Ancient Greece. The Greek flood myth says that Zeus, father of the gods, sent a mighty inundation to destroy the human race. Some versions say that Zeus was angry at the Titan Prometheus * for stealing the gift of fire from the gods and giving it to people. Others say that the flood was punishment for human sinfulness. Prometheus warned his son Deucalion to escape the flood by building a boat. Deucalion and his wife survived, and when the flood waters retreated, they were the only humans left on earth. The couple began the race of people who inhabit the world today. The story of the flood, along with many other Greek myths, appears in the Metamorphoses * by the Roman poet Ovid.
immortal able to live forever
Titan one of a family of giants who ruled the earth until overthrown by the Greek gods of Olympus
China. For thousands of years, the Chinese people have suffered from the flooding of the two great rivers that flow through their land, the Chang Jiang (Yangtze) and the Huang He (Yellow) Rivers. Taming the rivers was one of the chief goals of early Chinese civilization. The story of Yu, one of several Chinese flood myths, celebrates a victory in the long struggle against floods.
In the myth, a man named Gun tried for nine years to dam the destructive waters that covered the land. Because he failed, the supreme god executed him. Gun's son, Yu, took up the task of taming the waters. Instead of building a dam, he decided to drain away the floodwaters through channels. A winged dragon flew in front of him, marking with his tail where Yu should dig the channels. Yu worked for many years, too busy even to see his family. In the end, however, he tamed the rivers, making the land along them suitable for farming. As his reward, Yu became emperor of China.
India. The flood legend of India begins with a creator god named Manu washing himself with water from a jar. A fish in the jar asked for Manu's protection and promised to save him from a great flood that would occur in the future. Manu raised the fish until it was one of the largest fish in the world, and then he released it into the sea. The fish told Manu what year the flood would come and advised him to build a ship. Manu built the ship, and when the flood came, the fish towed it to a mountaintop. Manu alone survived the flood. The fish is generally identified as one form of the god Vishnu * .
Native America. In many Native American myths, floods occur as punishment for human misdeeds. The Chiricahua Apache maintain that the Great Spirit sent a flood to drown the whole earth because people did not worship him. According to the Navajo, a series of floods forced the people to emerge from deep in the earth through several higher worlds. The final flood was caused by Water Monster, who became angry when Coyote stole his child. This flood, which drove the people to the surface of the present world, ended when Coyote returned the Water Monster's baby. The Cheyenne say that the gods use floodwaters to control people's movements.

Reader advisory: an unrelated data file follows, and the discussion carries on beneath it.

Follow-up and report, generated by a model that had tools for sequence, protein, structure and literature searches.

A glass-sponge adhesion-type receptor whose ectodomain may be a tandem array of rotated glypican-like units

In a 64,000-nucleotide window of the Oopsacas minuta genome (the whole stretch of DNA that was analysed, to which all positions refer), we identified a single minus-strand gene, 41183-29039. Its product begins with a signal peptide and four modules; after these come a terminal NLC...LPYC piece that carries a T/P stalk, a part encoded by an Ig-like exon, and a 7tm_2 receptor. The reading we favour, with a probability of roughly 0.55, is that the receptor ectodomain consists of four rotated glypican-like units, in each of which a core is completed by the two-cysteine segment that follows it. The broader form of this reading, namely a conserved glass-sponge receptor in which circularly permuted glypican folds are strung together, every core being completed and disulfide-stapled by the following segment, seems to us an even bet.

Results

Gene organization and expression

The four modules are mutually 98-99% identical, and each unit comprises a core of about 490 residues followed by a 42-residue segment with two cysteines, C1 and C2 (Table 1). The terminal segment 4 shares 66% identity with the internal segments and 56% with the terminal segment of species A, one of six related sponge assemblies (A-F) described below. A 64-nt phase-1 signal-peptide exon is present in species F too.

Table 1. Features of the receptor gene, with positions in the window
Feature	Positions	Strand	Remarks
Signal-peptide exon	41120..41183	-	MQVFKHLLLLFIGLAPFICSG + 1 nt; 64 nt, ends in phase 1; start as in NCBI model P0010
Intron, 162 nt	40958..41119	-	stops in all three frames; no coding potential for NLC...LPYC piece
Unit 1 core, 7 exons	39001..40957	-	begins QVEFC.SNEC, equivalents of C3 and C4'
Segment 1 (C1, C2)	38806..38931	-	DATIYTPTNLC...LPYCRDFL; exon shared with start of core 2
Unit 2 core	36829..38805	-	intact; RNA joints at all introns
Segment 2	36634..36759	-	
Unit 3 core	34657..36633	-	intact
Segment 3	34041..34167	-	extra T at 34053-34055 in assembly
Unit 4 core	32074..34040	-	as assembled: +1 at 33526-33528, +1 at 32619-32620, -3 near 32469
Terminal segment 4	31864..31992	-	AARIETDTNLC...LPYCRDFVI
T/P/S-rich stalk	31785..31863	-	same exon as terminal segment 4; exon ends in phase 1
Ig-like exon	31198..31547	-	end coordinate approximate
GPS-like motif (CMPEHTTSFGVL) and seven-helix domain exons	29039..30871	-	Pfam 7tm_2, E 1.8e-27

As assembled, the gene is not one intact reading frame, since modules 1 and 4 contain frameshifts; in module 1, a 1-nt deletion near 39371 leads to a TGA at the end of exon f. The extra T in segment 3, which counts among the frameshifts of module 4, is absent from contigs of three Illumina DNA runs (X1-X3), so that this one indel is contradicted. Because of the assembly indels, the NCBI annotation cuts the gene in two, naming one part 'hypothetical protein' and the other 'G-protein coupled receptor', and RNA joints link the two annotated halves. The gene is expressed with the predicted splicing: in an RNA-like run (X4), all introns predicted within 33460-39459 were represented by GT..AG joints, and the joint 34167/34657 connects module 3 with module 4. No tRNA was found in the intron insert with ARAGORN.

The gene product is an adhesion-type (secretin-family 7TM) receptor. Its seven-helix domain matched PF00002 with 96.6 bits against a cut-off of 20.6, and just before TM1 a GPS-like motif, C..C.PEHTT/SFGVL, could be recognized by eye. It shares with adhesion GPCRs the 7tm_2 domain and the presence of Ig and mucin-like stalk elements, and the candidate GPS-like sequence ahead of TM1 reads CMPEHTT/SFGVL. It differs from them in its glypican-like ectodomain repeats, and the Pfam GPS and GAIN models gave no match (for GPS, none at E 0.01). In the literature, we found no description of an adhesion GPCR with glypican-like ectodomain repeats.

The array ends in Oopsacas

Floods also have positive powers. In myths of the Arikara and Caddo people, floods wipe out evil giants and make the world safe for humans. Several Indian mythologies in Mexico and the American West tell of cycles of destruction in which one whole world creation was destroyed by flood, while others ended in fire, ice, wind, or other disasters. The Aztecs believed that the first age of creation ended in a flood. In the Mayan creation story, a flood washes away the wooden people made by the gods in an early attempt to create human beings.
Australia. Several groups among the Aborigines, the native people of Australia, believe that a vast flood swept away a previous society. Perhaps these myths grew out of conditions at the end of the last Ice Age, when sea levels rose and coastal regions flooded.
The Yao people of southern China have a myth that tells how the thunder god caused a great flood. A man captured the god to stop the rains, but the god convinced the man's son and daughter to set him free, and the flooding resumed. The man built a boat and floated to heaven to ask the other gods to help. They were too helpful. The water god drained the flood away so rapidly that the boat crashed to earth, killing the man. His children, meanwhile, were the only survivors of the flood. They floated on the water in a large gourd that grew from a tooth the thunder god had given them. They became the parents of a new human race.
One group of Aborigines says that their ancestral heroes, the Wandjina, caused the flood and then re-created society in its present form. Another version of the myth tells that a huge half-human
* See Names and Places at the end of this volume for further information.
snake called Yurlunggur brought on the flood to punish two sisters for sexual misbehavior, that is, for breaking tribal rules concerning proper partners. Yurlunggur swallowed the sisters, but after the floodwaters withdrew, he spat them out and allowed them to start a new society.